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Difficult Charge Problem

  1. Jul 18, 2007 #1
    1. The problem statement, all variables and given/known data

    19. A nonconducting spherical shell, with an inner radius of 4.0 cm and an outer radius of 6.0 cm, has charge spread nonuniformly through its volume between its inner and outer surfaces. The volume charge density [itex]\rho[/itex] is the charge per unit volume, with the unit coulomb per cubic meter. For this shell [itex]\rho = b/r[/itex], where r is the distance in meters from the center of the shell and b = 3.0 [itex]\mu C/m^2[/itex]. What is the net charge in the shell.

    2. Relevant equations

    [tex]
    \vec{F}_{12} = \frac{k_{e}q_{1}q_{2}}{{r_{12}}^2}\hat{r}_{21}
    [/tex]

    [tex]
    |\vec{F}_{12}| = \frac{k_{e}|q_{1}||q_{2}|}{{r_{12}}^2}
    [/tex]

    3. The attempt at a solution

    This problem is unlike most problems I have solved before so I am not sure if my approach is correct.

    From what was given in the problem I conclude the following equations.

    V = Volume
    A = Area

    [tex]
    \rho = \frac{q}{V}
    [/tex]

    [tex]
    \rho = \frac{b}{r}
    [/tex]

    [tex]
    b = \frac{q}{A}
    [/tex]

    Though, the problem mentions that the charge has spread nonuniformly through its volume between its inner and outer surfaces of the spheres.

    I am unsure as to how I am supposed to use that to solve the problem.

    I assume I can treat the inner and outer spheres: [itex]sphere_{1}[/itex] and [itex]sphere_{2}[/itex]; separately and use the previous equations to come up with,

    [tex]
    \rho_{1} = \frac{q_{1}}{V_{1}}
    [/tex]

    [tex]
    \rho_{2} = \frac{q_{2}}{V_{2}}
    [/tex]

    Volume of a sphere is,

    [tex]
    V = \frac{4}{3} \pi r^3
    [/tex]

    --------------------------------------------------------------------------

    [tex]
    q_{1} = \left(\frac{4}{3} \pi r_{1}^3\right)\left(\frac{b}{r_{1}}\right)
    [/tex]

    [tex]
    sig. fig. \equiv 2
    [/tex]

    [tex]
    q_{1} = 20 nC
    [/tex]

    [tex]
    q_{2} = \left(\frac{4}{3} \pi r_{2}^3\right)\left(\frac{b}{r_{2}}\right)
    [/tex]

    [tex]
    sig. fig. \equiv 2
    [/tex]

    [tex]
    q_{2} = 45 nC
    [/tex]

    Although, the answers, [itex]q_{1} = 20 nC[/itex] [itex]q_{2} = 45 nC[/itex]. Are somewhat close to the book answer, they’re wrong. And because the problem asks for the net charge in the shell, I thought maybe I could take the average of these two figures and get the right answer, however (though it was close) it was still the wrong answer for the net charge in the shell.

    Yea, so I am stuck on how to find the net charge in the shell.

    Any help would be appreciated.

    -PFStudent
     
    Last edited: Jul 18, 2007
  2. jcsd
  3. Jul 18, 2007 #2

    siddharth

    User Avatar
    Homework Helper
    Gold Member



    No. When you say

    [tex] \rho = \frac{q}{V} [/tex]

    notice that [itex]\rho[/tex] changes as a function of r ([itex]\rho=\frac{b}{r}[/itex]). So, you can't just find the total charge as [tex]\rho_{r_2} V_{r_2}[/tex], because then you're assuming that [tex]\rho[/tex] is constant for the whole volume inside, which is not true.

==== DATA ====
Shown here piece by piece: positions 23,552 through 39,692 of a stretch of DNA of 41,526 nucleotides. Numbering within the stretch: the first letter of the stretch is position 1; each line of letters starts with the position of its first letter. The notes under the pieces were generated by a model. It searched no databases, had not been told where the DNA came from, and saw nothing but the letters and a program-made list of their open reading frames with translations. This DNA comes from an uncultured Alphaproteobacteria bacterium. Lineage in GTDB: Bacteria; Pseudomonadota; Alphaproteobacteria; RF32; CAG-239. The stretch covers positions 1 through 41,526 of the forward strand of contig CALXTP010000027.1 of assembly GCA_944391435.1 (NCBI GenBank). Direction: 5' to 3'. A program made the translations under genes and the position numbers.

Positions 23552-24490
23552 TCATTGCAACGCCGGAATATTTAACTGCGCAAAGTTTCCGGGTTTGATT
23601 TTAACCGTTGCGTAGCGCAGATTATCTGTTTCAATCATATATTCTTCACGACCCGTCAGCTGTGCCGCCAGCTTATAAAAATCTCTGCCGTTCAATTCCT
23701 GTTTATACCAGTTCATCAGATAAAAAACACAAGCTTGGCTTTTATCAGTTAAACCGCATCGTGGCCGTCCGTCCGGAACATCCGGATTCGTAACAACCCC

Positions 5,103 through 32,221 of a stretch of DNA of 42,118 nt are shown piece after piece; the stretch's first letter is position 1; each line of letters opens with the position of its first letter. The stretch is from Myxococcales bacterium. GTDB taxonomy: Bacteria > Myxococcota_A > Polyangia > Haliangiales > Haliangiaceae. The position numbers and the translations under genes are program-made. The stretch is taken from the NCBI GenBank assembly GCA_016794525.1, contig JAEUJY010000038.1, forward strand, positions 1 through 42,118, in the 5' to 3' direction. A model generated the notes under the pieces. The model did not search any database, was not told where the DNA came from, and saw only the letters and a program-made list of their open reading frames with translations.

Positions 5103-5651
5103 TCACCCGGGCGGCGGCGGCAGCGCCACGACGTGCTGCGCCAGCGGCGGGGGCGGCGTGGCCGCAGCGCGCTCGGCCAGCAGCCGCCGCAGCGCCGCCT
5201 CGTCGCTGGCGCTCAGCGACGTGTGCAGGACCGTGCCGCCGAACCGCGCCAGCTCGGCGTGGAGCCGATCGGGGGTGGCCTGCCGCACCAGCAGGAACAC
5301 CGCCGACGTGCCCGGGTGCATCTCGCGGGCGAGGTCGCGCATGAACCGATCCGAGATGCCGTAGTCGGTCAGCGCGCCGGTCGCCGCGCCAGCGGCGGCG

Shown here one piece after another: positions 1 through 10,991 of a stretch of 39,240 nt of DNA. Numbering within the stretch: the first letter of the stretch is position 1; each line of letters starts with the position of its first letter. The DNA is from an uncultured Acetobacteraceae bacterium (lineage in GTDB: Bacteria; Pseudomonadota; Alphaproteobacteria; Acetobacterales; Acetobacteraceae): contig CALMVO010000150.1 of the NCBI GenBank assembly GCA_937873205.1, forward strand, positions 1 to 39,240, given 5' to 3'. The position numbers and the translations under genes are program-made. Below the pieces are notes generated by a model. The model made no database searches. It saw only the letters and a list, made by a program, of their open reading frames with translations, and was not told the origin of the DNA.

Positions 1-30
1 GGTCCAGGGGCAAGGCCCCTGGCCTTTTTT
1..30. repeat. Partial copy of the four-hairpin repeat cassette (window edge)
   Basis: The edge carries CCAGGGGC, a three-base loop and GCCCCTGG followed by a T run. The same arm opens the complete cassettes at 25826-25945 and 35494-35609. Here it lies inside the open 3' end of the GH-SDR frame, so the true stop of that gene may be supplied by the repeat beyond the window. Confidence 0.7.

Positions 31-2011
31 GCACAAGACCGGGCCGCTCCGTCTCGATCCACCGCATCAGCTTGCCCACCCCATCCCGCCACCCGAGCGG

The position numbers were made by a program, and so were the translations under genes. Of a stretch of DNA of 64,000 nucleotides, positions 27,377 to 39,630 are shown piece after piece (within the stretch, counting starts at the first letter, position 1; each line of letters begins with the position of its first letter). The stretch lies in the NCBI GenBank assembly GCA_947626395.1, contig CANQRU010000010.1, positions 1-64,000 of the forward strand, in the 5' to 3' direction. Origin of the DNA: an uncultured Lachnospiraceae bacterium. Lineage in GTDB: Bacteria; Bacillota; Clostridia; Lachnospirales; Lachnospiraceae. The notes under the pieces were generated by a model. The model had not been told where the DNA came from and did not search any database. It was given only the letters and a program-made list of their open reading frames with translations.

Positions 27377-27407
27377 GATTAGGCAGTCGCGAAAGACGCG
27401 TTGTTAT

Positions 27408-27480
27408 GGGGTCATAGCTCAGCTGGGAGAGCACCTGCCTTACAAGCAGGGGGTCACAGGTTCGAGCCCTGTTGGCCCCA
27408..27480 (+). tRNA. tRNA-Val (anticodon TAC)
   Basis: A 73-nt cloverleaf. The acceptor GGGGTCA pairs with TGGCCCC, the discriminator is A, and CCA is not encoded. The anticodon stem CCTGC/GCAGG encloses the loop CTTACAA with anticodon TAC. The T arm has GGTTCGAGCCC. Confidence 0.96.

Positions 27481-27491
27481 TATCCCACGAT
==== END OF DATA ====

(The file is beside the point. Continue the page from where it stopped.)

However, for an infinitesimally (ie, infinitely small) thin spherical shell of thickness dr at a distance of r from the center, what's the charge? Since the shell is infinitesimally thin, it's ok to assume that the charge density remains constant in this extremely small region. Now, add up the charges of all such infinitesimal shells from the inner to the outer radius.

    Are you familiar with integral calculus?
     
    Last edited: Jul 18, 2007
  4. Jul 18, 2007 #3
    Hey,

    Thanks for the information.

    Ok, so then,

    [tex]
    q + C= \int dq
    [/tex]

    And for this problem,

    [tex]
    q = \int_{r_{1}}^{r_{2}} dq
    [/tex]

    [tex]
    \rho = \frac{q}{V}
    [/tex]

    [tex]
    \rho = \frac{b}{r}
    [/tex]

    Which is the same thing as,

    [tex]
    \rho(r) = \frac{b}{r}
    [/tex]

    For now assume [itex]\rho[/itex] is constant, and so therefore,

    [tex]
    \overline{\rho} = \frac{\Delta q}{\Delta V}
    [/tex]

    S.A. = Surface Area of Sphere

    [tex]
    \overline{\rho} = \frac{\Delta q}{S.A.\Delta r}
    [/tex]

    [tex]
    \overline{\rho}(r) = \frac{\Delta q}{S.A.(r)\Delta r}
    [/tex]

    [tex]
    (4\pi r^2)\overline{\rho}(r) = \frac{\Delta q}{\Delta r}
    [/tex]

    [tex]
    \lim_{\Delta r\rightarrow 0} (4\pi r^2)\overline{\rho}(r) = \lim_{\Delta r\rightarrow 0} \frac{\Delta q}{\Delta r}
    [/tex]

    [tex]
    4\pi r^2{\rho}(r) = \frac{dq}{dr}
    [/tex]

    [tex]
    4\pi r^2 \left(\frac{b}{r}\right)dr = dq
    [/tex]

    [tex]
    4\pi rbdr = dq
    [/tex]

    [tex]
    dq = 4\pi brdr
    [/tex]

    [tex]
    \int_{r_{1}}^{r_{2}} dq = 4\pi b\int_{r_{1}}^{r_{2}}rdr
    [/tex]

    [tex]
    q = 2\pi b \left[r^2\right]_{r_{1}}^{r_{2}}
    [/tex]

    [tex]
    q = 2\pi b \left(r_{2}^2-r_{1}^2\right)
    [/tex]

    [tex]
    sig. fig. \equiv 2
    [/tex]

    [tex]
    q = 3.8{\textcolor[rgb]{1.00,1.00,1.00}{.}}x{\textcolor[rgb]{1.00,1.00,1.00}{.}}10^{-8}{\textcolor[rgb]{1.00,1.00,1.00}{.}}C
    [/tex]

    [tex]
    q = 38{\textcolor[rgb]{1.00,1.00,1.00}{.}}nC
    [/tex]

    Ok, I got the right answer however, I want to know if I derived the answer mathematically correct.

    For example is, [itex]S.A.(r)\Delta r = \Delta V[/itex]?

    This reason, I ask is because if you let [itex]\Delta r[/itex] = r

    Then you have,

    [tex]
    S.A.(r)r = V
    [/tex]

    [tex]
    (4 \pi r^2)r \neq \frac{4}{3}\pi r^3
    [/tex]

    [tex]
    4 \pi r^3 \neq \frac{4}{3}\pi r^3
    [/tex]

    So how does that work?

    -PFStudent
     
    Last edited: Jul 18, 2007
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